Can I Use My Garden Shredder to Mulch Leaves – Part 2?
In part 1 of this article we established that you can use impact and turbine cut shredders to mulch your autumn leaves. We just don’t think it’s a good idea.
As we said, this is a very common question. We totally get it. If you have spent good money on a garden shredder you want to get the most value possible out of the purchase.
It is also true that even a couple of trees can generate a lot of leaves. Raking them up and bagging or composting the leaves takes quite a bit of time. Reducing the volume of the gathered leaves by creating mulch is also good.
The problem as we see it is, feeding all those leaves through a garden shredder is a chore. The opening at the top of the hopper is small. Pushing large volumes of leaves through a small letter-box size hole is not a lot of fun.
In part 1 I discussed my current approach. Right up to the writing of these reviews I was raking leaves from the flower beds onto the lawn, spreading them out as much as possible, and then using my rotary mower to collect and mulch the leaves.
As a method it works fine. There’s still a lot of prep required in raking out flower beds and gathering up the leaves in the more awkward places. The lawn mower takes a bit of a battering too. With all the modern technology there must be a better way.
Von Haus 3 in 1 Leaf Blower, Vacuum and Mulcher
From a quick skim of Amazon I saw that there are lots of dedicated leaf mulching options – both electric and petrol. Follow this link to see what I mean – Leaf Mulchers
For this review I went ahead and bought the VonHaus 3 in 1 Leaf Blower, Vacuum and Mulcher. At the time of writing it cost just over £35, had received over 1000 reviews, and enjoyed a 4.8-star rating.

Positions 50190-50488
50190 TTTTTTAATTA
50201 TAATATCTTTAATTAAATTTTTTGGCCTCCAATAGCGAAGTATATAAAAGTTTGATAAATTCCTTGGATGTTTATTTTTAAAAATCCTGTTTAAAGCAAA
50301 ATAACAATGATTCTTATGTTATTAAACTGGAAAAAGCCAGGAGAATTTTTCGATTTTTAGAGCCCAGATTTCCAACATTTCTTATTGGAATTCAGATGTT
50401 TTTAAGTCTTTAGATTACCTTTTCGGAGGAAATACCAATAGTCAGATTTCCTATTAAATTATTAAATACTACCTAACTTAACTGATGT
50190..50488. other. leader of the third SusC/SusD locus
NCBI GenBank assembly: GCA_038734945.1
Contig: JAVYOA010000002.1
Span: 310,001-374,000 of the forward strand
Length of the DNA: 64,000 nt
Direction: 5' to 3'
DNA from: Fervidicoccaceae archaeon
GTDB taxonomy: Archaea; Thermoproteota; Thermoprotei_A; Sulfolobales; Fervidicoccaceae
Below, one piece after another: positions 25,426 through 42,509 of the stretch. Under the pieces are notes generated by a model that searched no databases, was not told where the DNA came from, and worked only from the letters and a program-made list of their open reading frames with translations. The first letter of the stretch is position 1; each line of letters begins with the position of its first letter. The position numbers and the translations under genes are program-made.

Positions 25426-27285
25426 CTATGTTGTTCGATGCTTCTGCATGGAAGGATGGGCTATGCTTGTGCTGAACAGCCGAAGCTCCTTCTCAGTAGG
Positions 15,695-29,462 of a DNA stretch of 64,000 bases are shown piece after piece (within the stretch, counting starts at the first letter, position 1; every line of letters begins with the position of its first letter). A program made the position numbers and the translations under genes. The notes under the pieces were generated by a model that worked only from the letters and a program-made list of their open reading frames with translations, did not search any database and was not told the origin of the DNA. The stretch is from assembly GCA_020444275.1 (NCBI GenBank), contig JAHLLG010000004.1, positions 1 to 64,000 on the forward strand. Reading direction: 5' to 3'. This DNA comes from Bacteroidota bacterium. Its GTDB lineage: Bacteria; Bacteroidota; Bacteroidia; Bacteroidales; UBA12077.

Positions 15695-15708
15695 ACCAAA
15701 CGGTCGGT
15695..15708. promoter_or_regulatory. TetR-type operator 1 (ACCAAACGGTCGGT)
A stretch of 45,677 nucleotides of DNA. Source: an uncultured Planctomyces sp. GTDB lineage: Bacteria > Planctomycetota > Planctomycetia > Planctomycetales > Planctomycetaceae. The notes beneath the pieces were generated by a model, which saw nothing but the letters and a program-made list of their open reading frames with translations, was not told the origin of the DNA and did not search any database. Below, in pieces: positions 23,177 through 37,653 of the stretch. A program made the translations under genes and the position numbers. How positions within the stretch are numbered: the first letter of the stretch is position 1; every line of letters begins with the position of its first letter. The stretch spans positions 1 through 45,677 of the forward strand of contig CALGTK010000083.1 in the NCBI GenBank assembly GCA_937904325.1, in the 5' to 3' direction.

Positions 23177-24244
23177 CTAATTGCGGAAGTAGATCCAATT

Delivery was, as is usual for Amazon (prime), quick. I ordered on a Monday evening, the mulcher arrived on the Wednesday.
The first surprise was the size of the package. It didn’t seem possible that a full-sized leaf mulcher could be tucked away in such a small box. Opening the box showed very few components. A lot of the economy of packing was achieved as the suction and blower tubes were in 2 sections which slotted in together.
Assemble was quick and simple. There are 2 cross head screws to put in – one attaches the 2 parts of the suck and blow tubes together. The other attaches the tubes to the motor. The wheels just slot over the end of the tube and clip into place.
5-minutes after opening the package, the mulcher was assembled and ready for use.
Initial impression was good. The only negative was the support strap. I am a little under six feet. With the strap on its shortest setting it did nothing to support the mulcher in use. It was just about right for my 6ft4in son. Anyone smaller is not going to get much out of using this strap without some pretty serious adjustment.
The 10m of attached cable is very welcome but is still not long enough to reach much of the garden. As with all corded garden electrical equipment, we find that a good quality extension lead, rated for outdoor use, is essential. This mulcher is rated for 3000 Watts so you are going to need a 13Amp fused lead.
Using the Mulcher
This article was meant to be a shoot out between the Leaf Mulcher and my old Qualcast rotary lawn mower. In part 1 we saw that the lawn mower was a much better option for leaf mulching than using a Garden Shredder.
Unfortunately, the true test would have to wait a few days. As you can see in the photograph, it was a little frosty on the day I unpacked the Leaf Mulcher. With all the wet weather we had been having, my real leaf gathering exercise would have to wait.
Leaf Mulcher on Drive
Not wanting to wait for better weather conditions, I took the mulcher out for a trial run on the drive. The drive is framed by next doors Stag’s Horn trees. These look good in spring and summer but do shed lots of very small leaves in Autumn. The leaves tend to get stuck in out flower borders as well as covering the drive. Ideally, they need to be tidied up quite regularly. Seemed a good place to try out the mulcher.